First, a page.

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Abu Dhabi AI university is key to UAE’s future as the oil dries up

Abu Dhabi's fledgling artificial intelligence university is part of a highly ambitious 30-year plan to transform the UAE’s economy and culture

Abu Dhabi’s fledgling artificial intelligence (AI)-focused university is a core pillar of the United Arab Emirates’ 30-year plan to remove its economy’s heavy reliance on oil.

The Gulf state is developing healthcare, financial services, renewable energy and materials technology sectors, which will make up the UAE economy when the oil runs out. But first, it needs to ensure its citizens have the skills to drive them.

The long-term nature of the UAE government’s initiative is what stands out for Oxford University professor Michael Brady, who is interim president of Abu Dhabi’s Mohamed bin Zayed University of Artificial Intelligence (MBZUAI), which was set up to ensure the UAE has the right skills to drive these industries. The Masdar City-based university has just opened to applications for its first intake of 50 students.

Brady, currently professor of oncological imaging at Oxford University’s Department of Oncology, was invited by one of his former PhD students to advise on the project to establish a university specialising in AI in Abu Dhabi.

He has had a long career in academia, including roles as professor of information engineering at Oxford, and senior research scientist in the Artificial Intelligence Laboratory at the Massachusetts Institute of Technology (MIT). He also has 26 patents in computer vision, robotics, AI and medical image analysis and has established 10 tech companies focused on the latter.

Brady’s expertise in the application of AI in the healthcare sector – more specifically, applying machine learning methods to medical imaging data – drew him to what was happening in the UAE, where development of the healthcare industry is well under way.

But it was the ambition that he saw when he visited Abu Dhabi, which puts UK government planning to shame, that cemented his interest “There is a stark difference between the short-termism that characterises so much of government policy in the UK, where politicians worry about the headlines tomorrow morning,” he said. “It is so refreshing to be part of a government-led initiative that has a 30-year vision to transform the economy and the culture.”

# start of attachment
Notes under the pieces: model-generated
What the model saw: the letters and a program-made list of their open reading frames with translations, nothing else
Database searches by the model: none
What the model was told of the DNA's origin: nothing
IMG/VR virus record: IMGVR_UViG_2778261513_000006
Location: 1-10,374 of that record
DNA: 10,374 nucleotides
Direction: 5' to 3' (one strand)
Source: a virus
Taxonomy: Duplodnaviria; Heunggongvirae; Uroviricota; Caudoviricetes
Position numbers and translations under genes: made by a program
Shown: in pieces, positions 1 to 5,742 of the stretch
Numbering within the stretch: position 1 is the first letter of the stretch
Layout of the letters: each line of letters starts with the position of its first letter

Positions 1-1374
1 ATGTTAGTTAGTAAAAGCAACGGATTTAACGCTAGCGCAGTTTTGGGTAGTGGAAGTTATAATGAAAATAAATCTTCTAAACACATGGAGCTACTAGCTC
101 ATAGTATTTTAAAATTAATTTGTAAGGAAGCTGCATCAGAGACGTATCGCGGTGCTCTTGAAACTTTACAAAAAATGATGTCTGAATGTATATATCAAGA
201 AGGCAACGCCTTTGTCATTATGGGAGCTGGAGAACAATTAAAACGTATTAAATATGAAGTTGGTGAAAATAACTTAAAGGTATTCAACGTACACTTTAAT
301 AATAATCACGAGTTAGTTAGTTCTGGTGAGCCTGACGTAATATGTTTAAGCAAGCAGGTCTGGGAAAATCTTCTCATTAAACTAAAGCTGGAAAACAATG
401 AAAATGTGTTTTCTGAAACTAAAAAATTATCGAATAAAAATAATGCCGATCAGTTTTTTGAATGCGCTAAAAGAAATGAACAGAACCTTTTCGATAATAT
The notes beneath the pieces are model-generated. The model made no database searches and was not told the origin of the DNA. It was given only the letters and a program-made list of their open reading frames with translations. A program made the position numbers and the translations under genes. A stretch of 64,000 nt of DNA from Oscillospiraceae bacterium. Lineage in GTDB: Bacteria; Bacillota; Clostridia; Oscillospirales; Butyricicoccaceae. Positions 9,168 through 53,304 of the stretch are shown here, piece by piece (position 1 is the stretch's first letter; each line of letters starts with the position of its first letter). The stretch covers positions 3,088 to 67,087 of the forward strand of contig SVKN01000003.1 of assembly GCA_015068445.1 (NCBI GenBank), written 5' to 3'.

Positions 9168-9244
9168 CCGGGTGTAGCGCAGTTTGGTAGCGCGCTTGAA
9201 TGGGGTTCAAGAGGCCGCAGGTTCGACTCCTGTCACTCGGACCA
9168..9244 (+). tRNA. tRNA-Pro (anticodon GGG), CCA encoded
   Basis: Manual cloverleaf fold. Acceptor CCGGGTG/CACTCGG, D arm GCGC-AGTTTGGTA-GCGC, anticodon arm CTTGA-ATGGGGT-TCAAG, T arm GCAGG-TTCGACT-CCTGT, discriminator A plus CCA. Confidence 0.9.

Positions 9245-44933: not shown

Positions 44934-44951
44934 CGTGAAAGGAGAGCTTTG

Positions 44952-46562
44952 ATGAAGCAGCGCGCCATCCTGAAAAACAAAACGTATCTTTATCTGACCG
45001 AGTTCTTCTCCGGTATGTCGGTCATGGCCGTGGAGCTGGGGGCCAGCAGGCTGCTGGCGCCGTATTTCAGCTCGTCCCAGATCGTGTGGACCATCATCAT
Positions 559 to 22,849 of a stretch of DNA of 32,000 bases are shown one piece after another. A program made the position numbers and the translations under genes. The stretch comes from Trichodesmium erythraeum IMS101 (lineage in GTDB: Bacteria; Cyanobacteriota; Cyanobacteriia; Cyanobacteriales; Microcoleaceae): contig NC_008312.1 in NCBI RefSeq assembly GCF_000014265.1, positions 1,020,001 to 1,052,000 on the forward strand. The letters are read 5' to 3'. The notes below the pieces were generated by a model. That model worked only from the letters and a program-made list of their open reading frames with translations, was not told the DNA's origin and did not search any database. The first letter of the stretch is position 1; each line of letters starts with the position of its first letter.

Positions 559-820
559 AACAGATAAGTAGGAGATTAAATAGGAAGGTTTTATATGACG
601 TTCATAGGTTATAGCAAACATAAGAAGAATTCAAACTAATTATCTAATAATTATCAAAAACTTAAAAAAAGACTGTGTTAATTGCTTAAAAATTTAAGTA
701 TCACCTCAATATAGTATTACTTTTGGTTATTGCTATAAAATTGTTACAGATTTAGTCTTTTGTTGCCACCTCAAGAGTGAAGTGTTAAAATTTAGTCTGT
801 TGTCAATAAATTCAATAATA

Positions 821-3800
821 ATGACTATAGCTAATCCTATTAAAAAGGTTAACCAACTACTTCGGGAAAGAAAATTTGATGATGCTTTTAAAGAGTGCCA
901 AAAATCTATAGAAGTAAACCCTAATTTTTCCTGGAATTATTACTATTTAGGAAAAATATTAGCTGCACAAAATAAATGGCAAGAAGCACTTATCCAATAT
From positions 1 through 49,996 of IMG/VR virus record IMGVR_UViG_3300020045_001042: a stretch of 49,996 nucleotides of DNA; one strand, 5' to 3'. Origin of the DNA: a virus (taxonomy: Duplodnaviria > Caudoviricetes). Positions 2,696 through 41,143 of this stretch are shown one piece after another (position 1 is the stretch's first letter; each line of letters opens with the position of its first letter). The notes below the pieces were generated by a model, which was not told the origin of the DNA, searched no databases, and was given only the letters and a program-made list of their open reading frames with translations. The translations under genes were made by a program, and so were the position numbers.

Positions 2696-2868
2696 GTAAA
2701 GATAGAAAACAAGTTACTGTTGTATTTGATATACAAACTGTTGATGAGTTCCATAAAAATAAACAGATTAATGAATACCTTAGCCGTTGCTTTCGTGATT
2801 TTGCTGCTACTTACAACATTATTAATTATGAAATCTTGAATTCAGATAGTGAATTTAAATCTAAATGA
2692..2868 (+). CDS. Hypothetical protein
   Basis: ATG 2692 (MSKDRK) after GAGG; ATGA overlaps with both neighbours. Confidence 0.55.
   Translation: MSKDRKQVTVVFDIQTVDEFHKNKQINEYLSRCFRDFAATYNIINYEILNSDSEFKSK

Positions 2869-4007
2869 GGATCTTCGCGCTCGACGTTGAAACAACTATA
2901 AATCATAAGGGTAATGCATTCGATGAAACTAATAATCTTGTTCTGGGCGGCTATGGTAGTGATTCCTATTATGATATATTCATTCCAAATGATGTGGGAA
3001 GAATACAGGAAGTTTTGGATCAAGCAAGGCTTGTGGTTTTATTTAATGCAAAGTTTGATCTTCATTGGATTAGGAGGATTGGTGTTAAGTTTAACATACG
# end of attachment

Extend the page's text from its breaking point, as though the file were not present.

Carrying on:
“It is so refreshing to be part of a government-led initiative that has a 30-year vision”

Michael Brady, MBZUAI

Also stark is the reality that will face the UAE in a few decades’ time. “Almost all the UAE economy is based around oil today, but the government knows that in 30 or 40 years, this is not going to be the case,” said Brady.

Plans had been cooking in the country for quite some time before Brady arrived, with the UAE developing a strategy to build healthcare, financial services, renewable energy and materials technology industries. But these plans for new industries bring challenges around skills. The UAE has about 10 million residents and 90% of them are immigrants.

“The greatest threat to achieving the strategy is a lack of skills and people who are going to populate and lead the new industries,” said Brady.

AI and big data are the key technologies needed to realise key parts of the UAE’s future economy, said Brady. Currently, AI skills in Abu Dhabi are almost exclusively contained in the Inception Institute of Artificial Intelligence (IIAI), where about 70 people work. The IIAI has already produced some 100 papers and attracted European researchers, but MBZUAI will accelerate this and create a virtual cycle of skills development, research and investment, he said.

Researchers and other experts are currently attracted to the UAE from Europe, China and the US, but they don’t often stay long term, and the government wants to change this. “They want to attract people to come and study and live,” said Brady, pointing out that achieving this will require the country to look beyond its economy and zero-tax environment to attract people, and transform its culture, particularly with regard to the role of women.

Read more about IT skills in the UAE

Brady said the university plans to take up to 100 students a year and accepts that it will not be able to retain 100% of the students who have done a PhD, with fierce global competition for these skills.

“There is no way in the world that is going to happen,” he said. “It is an ambitious venture and is by no means a slam dunk. You can throw money at it, but that is by itself not going to solve it. They can get nice buildings and all that, but you need to build a brand like Cambridge, MIT or Imperial College, where people want to go.

“The questions are: how many do they need given that they are going to take up to 100 a year, and how many do you need to populate the new industries that are planned to be established over the next 30 years?”

Brady said MBZUAI’s current recruitment targets mean that even if half the students leave the UAE, it will still gain 50 highly qualified kids living in the country.

A virtual cycle of skills development needs to be set off by raising awareness from the start, he said. “This means they have to get top students coming in, which also means they need to attract a really good faculty. They also need to provide something that will excite students.”

There were 3,000 applications in the first week after MBZUAI’s announcement, with 50 places available in the first intake.

Also built into the plans is the creation of an ecosystem around the university, said Brady. To this end, Abu Dhabi-based big data company Group 42 has been charged with attracting startups and effectively acting as an incubator or agent.

Read more on Artificial intelligence, automation and robotics

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